Figure 2. RT-qPCR re-evaluation of differentially expressed mRNA in meningioma. Fold changes of analyzed mRNA expression relative of 15 tumors, compared to four normal dura (3N +1NN) (see Table 1 and Table S5a). Three reference genes were used (GAPDH, ACTB (β-Actin) and HPRT). One asterisk (*) indicate p-value < 0.05 and two asterisk (**) indicate p-value < 0.001.
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Figure 3. Immunohistochemistry of p63 (AD) and E-cadherin (EH) in meningioma (A, B, E, F) compared to normal arachnoid membranes (C, D, G, H). (A) Strong nuclear signal of p63 expression in this section of the tumor (200×); (B) Another tumor with both a moderate and a low signal for the nuclear p63 expression; (C) Immunohistochemistry p63 in arachnoid membrane from cadaver with no meningioma. No nuclear p63 expression in cells of the arachnoid membrane was observed in four different arachnoid autopsies as represented in C, at magnification of 400×; (D) Immunohistochemistry p63 in arachnoid from one sample with no meningioma a nuclear p63 expression in the external cap cells 400×; (E) Strong cytoplasmic signal of E-cadherin expression in this tumor (200×); (F) A tumor section with low E-cadherin expression; (G) Immunohistochemistry E-cadherin in arachnoid membrane from cadaver with no meningioma. Cytoplasmic E-cadherin expression is also limited to the outer layer of the arachnoid (200×); (H) Immunohistochemistry E-cadherin in arachnoid from cadaver with no meningioma in higher magnification (400×).
Figure 3. Immunohistochemistry of p63 (AD) and E-cadherin (EH) in meningioma (A, B, E, F) compared to normal arachnoid membranes (C, D, G, H). (A) Strong nuclear signal of p63 expression in this section of the tumor (200×); (B) Another tumor with both a moderate and a low signal for the nuclear p63 expression; (C) Immunohistochemistry p63 in arachnoid membrane from cadaver with no meningioma. No nuclear p63 expression in cells of the arachnoid membrane was observed in four different arachnoid autopsies as represented in C, at magnification of 400×; (D) Immunohistochemistry p63 in arachnoid from one sample with no meningioma a nuclear p63 expression in the external cap cells 400×; (E) Strong cytoplasmic signal of E-cadherin expression in this tumor (200×); (F) A tumor section with low E-cadherin expression; (G) Immunohistochemistry E-cadherin in arachnoid membrane from cadaver with no meningioma. Cytoplasmic E-cadherin expression is also limited to the outer layer of the arachnoid (200×); (H) Immunohistochemistry E-cadherin in arachnoid from cadaver with no meningioma in higher magnification (400×).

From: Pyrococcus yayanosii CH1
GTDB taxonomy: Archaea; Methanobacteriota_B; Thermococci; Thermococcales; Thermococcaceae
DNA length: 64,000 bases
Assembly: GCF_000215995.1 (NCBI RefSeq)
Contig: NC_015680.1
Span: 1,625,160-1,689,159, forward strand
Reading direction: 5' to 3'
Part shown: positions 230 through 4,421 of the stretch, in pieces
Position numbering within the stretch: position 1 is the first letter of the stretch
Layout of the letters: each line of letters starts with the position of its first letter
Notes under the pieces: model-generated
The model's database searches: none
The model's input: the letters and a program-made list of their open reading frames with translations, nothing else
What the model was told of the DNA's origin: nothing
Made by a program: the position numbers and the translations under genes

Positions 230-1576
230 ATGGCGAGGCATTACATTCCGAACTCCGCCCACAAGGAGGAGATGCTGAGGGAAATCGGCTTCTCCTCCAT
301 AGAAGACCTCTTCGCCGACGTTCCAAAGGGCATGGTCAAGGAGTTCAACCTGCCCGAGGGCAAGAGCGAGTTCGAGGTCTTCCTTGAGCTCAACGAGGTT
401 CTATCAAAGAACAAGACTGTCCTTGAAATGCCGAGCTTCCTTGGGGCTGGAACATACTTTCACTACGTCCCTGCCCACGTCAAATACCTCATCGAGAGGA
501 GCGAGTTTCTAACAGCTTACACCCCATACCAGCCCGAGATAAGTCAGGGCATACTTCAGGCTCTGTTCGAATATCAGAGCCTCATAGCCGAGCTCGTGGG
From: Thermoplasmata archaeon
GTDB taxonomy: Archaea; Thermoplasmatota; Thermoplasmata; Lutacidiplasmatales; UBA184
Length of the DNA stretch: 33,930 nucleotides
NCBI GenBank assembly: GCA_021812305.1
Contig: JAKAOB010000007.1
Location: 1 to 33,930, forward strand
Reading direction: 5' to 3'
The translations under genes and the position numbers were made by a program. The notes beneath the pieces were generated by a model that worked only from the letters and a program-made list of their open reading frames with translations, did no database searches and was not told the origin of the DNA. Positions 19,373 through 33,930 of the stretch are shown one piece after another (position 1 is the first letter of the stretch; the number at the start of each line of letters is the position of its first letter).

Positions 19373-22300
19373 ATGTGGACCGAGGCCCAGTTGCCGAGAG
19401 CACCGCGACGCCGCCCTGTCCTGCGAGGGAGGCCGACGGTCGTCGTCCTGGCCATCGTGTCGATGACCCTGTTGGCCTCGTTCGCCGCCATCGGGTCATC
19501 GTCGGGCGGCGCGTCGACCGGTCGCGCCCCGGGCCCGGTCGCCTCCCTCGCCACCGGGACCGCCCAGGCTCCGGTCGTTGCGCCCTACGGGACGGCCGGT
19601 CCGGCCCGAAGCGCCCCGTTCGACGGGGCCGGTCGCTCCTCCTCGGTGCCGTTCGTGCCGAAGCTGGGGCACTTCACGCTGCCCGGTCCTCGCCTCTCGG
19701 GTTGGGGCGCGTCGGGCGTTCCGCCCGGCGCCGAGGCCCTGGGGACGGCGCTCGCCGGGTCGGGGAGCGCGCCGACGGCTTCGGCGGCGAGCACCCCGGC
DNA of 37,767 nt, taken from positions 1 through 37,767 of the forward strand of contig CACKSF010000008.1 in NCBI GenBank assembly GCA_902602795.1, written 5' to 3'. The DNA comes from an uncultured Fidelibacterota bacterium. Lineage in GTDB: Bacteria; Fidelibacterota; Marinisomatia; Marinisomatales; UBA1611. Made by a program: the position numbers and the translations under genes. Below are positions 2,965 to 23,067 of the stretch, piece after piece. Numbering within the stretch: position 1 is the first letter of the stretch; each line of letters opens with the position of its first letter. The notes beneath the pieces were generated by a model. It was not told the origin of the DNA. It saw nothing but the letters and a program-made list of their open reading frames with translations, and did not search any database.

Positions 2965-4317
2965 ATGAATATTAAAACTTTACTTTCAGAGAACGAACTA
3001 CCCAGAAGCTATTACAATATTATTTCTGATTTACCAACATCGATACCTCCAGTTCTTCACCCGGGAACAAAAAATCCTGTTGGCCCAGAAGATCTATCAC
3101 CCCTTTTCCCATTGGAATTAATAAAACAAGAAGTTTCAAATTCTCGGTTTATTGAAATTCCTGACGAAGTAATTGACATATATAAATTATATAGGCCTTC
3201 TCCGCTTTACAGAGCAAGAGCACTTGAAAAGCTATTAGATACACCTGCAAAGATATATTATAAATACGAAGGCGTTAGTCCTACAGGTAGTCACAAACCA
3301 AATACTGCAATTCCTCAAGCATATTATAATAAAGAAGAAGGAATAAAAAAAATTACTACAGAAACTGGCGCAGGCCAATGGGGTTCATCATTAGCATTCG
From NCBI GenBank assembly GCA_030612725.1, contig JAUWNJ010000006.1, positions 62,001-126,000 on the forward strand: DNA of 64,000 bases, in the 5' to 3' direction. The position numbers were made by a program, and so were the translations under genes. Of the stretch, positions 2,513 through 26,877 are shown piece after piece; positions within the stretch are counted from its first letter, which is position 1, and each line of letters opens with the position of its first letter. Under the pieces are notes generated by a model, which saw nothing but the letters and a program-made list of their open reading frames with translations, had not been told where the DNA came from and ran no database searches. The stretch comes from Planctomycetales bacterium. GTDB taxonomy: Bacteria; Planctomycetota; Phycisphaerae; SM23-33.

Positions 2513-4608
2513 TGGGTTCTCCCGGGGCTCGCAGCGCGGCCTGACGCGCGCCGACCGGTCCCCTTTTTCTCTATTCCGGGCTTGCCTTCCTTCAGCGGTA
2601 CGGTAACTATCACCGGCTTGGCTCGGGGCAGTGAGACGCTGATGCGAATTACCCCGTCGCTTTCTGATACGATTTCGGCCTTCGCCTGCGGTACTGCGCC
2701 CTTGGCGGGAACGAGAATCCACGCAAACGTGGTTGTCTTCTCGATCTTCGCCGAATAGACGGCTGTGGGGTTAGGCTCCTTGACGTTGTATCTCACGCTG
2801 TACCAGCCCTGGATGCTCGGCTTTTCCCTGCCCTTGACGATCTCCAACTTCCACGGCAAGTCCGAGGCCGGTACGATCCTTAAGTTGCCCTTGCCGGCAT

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Figure 4. Immunohistochemistry of Cyclin D1 (AD) in meningioma (AB) compared to normal arachnoid membranes (CD). (A) Meningioma with strong nuclear signal of Cyclin D1 expression (200×); (B) Another tumor with moderate signal for the nuclear Cyclin D1 expression (200×); (C) Immunohistochemistry Cyclin D1 in arachnoid membrane from cadaver with no meningioma. The external cap cell layer of the arachnoid membrane is negative, while some of the trabecular cells in the internal layer stain positive (200×); (D) The same as shown in C with higher magnification (400×).
Figure 4. Immunohistochemistry of Cyclin D1 (AD) in meningioma (AB) compared to normal arachnoid membranes (CD). (A) Meningioma with strong nuclear signal of Cyclin D1 expression (200×); (B) Another tumor with moderate signal for the nuclear Cyclin D1 expression (200×); (C) Immunohistochemistry Cyclin D1 in arachnoid membrane from cadaver with no meningioma. The external cap cell layer of the arachnoid membrane is negative, while some of the trabecular cells in the internal layer stain positive (200×); (D) The same as shown in C with higher magnification (400×).